Lots of mosquitoes on the outside of a green and blue tent in Abel Tasman.
Mosquitoes galore at Anapai Bay, Abel Tasman. Photo: Jo Faulkner, NZTT member.

Dealing with bites: Treatment and relief

Despite your best efforts, you might still end up with a few bites. Has hard as it is, try not to scratch as this can lead to infection.

Over-the-counter products, such as antihistamines and topical creams, can help reduce itching and inflammation.

Or for a more natural approach, consider applying aloe vera or a cold pack to the affected area.

Some essential oils, like tea tree and lavender, are also known for their soothing properties.

All of these products are readily available from local pharmacies and sometimes from supermarkets.

We particularly recommend:

  • ItchFix (containing aloe vera, witch hazel and chamomile)
  • Bonjela (teething gel)
  • Tiger Balm
  • Goodbye Sandfly (both a repellent and a soother)
  • hand sanitiser
  • manuka balm
  • antihistamine tablets

Additional tips and tricks

For those planning to camp or hike, there are additional strategies to keep insects at bay.

Choosing your campsite wisely can make a significant difference; avoid setting up near stagnant water or in dense bush where mosquitoes and sandflies are most active.

Being aware of the peak seasons for these insects can also help you plan your trip.

Generally, the warmer months see higher activity levels, so if you’re particularly sensitive to bites, consider visiting during the cooler parts of the year.

With that said though, we’ve been bitten right through the year, so you’ll always want to be ready to take precautions.

Keeping your luggage and tent zipped up is a simple yet effective way to prevent these critters from making themselves at home among your belongings.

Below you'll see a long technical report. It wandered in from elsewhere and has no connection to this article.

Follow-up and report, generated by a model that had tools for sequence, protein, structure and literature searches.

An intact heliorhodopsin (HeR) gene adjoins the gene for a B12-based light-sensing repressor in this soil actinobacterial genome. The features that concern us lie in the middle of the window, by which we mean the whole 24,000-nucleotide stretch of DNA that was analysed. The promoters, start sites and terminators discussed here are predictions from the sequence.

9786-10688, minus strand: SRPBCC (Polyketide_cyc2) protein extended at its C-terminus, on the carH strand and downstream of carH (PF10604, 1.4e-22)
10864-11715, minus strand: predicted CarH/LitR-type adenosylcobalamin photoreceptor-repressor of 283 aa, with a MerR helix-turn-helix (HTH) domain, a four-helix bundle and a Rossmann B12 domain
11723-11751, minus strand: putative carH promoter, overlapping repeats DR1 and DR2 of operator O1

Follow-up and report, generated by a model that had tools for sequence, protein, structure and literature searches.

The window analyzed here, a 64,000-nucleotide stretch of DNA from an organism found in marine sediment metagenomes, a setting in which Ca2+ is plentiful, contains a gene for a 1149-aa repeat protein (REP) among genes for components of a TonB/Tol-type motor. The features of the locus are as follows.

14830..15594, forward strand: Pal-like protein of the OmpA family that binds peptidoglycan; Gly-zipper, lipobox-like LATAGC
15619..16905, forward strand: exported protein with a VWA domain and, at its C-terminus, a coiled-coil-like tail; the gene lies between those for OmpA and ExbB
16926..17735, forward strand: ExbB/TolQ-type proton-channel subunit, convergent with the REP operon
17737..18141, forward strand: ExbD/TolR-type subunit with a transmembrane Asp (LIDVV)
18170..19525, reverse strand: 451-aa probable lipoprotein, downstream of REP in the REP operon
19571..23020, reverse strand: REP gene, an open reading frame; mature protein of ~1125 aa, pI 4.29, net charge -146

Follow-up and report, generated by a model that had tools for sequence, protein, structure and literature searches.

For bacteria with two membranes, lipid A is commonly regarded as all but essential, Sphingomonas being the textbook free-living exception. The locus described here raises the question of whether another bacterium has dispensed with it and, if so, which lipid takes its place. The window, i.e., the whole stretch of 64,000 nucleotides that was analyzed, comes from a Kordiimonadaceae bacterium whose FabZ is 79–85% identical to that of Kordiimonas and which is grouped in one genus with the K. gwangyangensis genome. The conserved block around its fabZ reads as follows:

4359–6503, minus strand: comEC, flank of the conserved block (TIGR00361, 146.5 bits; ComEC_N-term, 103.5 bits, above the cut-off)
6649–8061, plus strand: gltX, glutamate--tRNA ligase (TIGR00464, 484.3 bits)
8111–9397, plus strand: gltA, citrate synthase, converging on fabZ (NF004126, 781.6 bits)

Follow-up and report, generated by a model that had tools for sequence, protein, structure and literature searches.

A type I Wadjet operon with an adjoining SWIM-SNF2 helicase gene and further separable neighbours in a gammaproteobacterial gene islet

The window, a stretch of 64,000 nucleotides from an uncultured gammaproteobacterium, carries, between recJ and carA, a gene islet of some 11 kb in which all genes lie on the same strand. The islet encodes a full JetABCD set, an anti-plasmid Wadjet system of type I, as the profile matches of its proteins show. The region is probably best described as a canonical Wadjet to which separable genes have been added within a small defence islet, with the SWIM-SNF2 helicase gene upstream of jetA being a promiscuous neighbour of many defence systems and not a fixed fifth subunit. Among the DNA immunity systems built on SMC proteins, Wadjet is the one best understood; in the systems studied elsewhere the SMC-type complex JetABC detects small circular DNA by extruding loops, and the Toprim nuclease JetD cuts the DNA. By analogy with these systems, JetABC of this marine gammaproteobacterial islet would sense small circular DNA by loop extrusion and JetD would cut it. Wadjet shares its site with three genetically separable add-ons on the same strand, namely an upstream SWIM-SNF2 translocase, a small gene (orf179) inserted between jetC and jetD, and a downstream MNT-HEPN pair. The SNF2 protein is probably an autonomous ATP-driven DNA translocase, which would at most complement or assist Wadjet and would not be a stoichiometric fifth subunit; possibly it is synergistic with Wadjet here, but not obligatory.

A little vigilance goes a long way in keeping your living spaces insect-free and your vacation that little bit more comfortable.

Fun facts about mozzies and sandflies

Though we’ve focused on the negatives here (and let’s face it, there’s not much positive to be said for these creatures), there are some interesting points you might like to know…

Only females bite people and animals as they need to drink blood to produce eggs.

Female mosquitoes are also the only ones to make that annoying buzzing noise too – the males are quiet.

A beautiful spot, but watch out for sandflies at Sandyfly Bay! Photo: Thomas CUELHO.

Conclusion

Preparation and prevention are key to enjoying New Zealand’s stunning natural beauty without the annoyance of mosquito and sandfly bites.

By understanding these insects and taking the right precautions, you can focus on making unforgettable memories in our equally unforgettable country.

We’d love to hear from you…

If you have your own tips or experiences dealing with mosquitoes and sandflies, please share them in our Facebook group.

Your insights could help fellow travellers enjoy their adventures to the fullest.

Happy travels… here’s to exploring New Zealand with confidence and comfort!